The final three seminars will reflect on how existing practitioners and their managers, and students undergoing professional education, are learning about adult safeguarding law, including learning from Safeguarding Adults Reviews and the challenges faced in implementing their knowledge of law in practice. The focus will also be in whether, in a highly contested area of law, touching on adult autonomy and self-determination, there is a case for further change.

There will be opportunities for debate in large and small groups. Outputs will include published papers and a book, video recordings of presentations, and other materials for a range of audiences, professionals and service user groups. The series will create a strong network of people and organisations concerned with adult safeguarding and with the capacity to engage in further collaborative research, policy and practice development, and conferences. The original contributions in this series will have significant impacts for law and policy-makers, service providers, professional practitioners, service users and carers.

Planned Impact

Beyond the academic community the series will provide impact across the full range of stakeholders including public, charitable, policy, service user and civil society groups as:
1.Direct participants at the seminars, via interaction with the web site and social media offerings (Twitter feed, facebook) and,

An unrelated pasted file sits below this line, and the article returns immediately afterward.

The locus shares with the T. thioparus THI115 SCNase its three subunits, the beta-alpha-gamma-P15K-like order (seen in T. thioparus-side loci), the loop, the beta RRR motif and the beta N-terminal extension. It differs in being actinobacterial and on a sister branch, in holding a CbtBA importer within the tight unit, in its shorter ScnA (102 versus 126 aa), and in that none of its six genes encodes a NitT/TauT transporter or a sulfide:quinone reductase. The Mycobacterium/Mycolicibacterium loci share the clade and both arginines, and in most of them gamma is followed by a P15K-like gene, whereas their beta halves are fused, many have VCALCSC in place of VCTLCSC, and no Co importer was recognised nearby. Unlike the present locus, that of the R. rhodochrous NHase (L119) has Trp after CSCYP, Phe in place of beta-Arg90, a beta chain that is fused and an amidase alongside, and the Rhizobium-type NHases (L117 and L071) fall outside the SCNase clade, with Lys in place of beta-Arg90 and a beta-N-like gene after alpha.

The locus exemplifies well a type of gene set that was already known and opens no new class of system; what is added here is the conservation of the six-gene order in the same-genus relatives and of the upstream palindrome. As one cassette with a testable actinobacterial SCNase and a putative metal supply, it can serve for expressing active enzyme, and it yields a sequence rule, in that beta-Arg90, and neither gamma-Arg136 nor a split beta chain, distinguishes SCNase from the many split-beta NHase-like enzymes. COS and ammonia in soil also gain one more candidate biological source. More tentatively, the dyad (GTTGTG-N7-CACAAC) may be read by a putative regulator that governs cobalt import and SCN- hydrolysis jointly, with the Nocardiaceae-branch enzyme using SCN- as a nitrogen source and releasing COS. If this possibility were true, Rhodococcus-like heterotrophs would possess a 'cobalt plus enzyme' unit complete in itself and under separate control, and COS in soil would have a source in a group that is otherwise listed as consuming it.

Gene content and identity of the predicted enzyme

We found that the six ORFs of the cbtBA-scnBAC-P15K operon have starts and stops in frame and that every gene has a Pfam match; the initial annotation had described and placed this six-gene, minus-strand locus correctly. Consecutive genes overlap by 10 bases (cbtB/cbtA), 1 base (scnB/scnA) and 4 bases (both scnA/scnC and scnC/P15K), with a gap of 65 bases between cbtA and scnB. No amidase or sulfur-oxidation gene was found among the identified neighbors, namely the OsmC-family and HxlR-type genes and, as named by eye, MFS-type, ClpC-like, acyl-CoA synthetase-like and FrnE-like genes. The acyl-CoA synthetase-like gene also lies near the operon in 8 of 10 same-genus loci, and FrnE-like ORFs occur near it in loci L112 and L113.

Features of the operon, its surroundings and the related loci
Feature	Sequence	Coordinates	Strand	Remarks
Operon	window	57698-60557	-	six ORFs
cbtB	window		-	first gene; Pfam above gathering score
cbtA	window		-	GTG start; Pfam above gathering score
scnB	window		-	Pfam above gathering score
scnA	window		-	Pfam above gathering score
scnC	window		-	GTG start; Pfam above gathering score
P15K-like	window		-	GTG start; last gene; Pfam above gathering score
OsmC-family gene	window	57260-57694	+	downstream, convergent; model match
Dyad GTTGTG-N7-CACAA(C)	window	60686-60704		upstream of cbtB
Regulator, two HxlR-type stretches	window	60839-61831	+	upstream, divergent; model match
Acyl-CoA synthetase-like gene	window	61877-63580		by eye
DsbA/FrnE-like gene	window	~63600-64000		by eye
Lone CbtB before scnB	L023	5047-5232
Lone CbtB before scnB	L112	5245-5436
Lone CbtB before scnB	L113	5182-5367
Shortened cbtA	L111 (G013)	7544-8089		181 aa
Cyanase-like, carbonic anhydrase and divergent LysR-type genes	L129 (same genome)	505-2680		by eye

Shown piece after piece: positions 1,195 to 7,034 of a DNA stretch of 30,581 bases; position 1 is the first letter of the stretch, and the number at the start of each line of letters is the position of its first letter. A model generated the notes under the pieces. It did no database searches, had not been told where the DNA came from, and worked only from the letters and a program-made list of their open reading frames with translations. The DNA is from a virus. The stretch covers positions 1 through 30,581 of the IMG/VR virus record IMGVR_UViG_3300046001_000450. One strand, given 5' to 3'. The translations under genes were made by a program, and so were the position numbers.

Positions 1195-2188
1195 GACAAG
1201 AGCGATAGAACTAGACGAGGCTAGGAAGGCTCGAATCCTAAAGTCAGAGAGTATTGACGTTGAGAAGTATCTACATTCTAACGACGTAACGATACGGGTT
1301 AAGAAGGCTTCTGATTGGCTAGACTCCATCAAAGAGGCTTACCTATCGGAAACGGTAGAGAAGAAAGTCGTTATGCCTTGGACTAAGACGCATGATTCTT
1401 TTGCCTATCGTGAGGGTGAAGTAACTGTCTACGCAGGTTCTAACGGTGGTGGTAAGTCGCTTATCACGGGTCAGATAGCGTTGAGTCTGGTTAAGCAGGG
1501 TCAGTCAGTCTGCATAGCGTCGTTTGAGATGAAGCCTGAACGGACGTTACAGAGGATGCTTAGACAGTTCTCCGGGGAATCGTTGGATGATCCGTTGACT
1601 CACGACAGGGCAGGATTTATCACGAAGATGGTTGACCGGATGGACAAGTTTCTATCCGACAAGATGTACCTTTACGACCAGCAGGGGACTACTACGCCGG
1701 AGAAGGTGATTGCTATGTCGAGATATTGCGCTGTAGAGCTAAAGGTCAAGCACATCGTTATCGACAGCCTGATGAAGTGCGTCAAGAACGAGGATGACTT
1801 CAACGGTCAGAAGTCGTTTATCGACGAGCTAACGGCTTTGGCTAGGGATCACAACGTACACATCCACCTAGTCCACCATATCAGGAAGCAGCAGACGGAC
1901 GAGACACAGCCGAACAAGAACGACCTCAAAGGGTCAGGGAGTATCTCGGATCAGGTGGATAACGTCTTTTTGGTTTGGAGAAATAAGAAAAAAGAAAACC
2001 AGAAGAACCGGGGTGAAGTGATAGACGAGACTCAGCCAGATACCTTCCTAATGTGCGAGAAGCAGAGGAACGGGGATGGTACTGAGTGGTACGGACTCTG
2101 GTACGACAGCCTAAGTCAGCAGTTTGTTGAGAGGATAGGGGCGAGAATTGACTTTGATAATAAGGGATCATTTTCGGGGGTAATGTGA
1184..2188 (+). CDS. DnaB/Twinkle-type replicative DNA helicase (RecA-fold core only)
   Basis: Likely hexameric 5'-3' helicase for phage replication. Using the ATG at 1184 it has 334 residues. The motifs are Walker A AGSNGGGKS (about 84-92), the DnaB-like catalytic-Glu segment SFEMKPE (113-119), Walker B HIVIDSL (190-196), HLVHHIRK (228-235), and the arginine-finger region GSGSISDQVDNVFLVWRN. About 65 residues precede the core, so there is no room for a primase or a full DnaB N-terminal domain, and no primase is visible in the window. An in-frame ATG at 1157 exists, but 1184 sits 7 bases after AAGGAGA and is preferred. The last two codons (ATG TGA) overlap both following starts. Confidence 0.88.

2. Shaping and developing policy and practice initiatives, highlighting factors likely to maximise successful impact of the legislation on safeguarding adults.
There will be open access to the website and we expect practitioners, professionals, academics, end users and civil society groups to engage with materials posted and continue debate between seminar events. The website will continue beyond the life of the seminar series. Groups anticipated to have an interest in the series are detailed in the pathways to Impact document. The extensive range of organisations listed is indicative of the breadth of impact the series will have. It is not exhaustive and dissemination and debate via publications and the website are likely to encourage further interest and collaborations at strategic and operational levels.

The Act provides a duty to establish Local Safeguarding Adult Boards (LSABs) with responsibility to coordinate and ensure the effectiveness of adult safeguarding in their area and to commission safeguarding adult reviews. The purpose of such reviews is to enable appropriate learning and relevant change to take place at organisational and individual professional/practitioner levels in order to prevent such events from occurring in future. The seminar series will allow for some early, but much needed consideration of the nature and impact (potential and real) of early Safeguarding Adult Reviews undertaken within the framework of the Care Act.

This will allow for identification of the key themes that emerge, and the organisational and individual learning mechanisms used to embed lessons in future practice, together with links into the legislative sphere.

We are committed to working to disseminate and promote learning from examples of good practice brought to the seminars and so to maximise impact for and involvement of service users and carers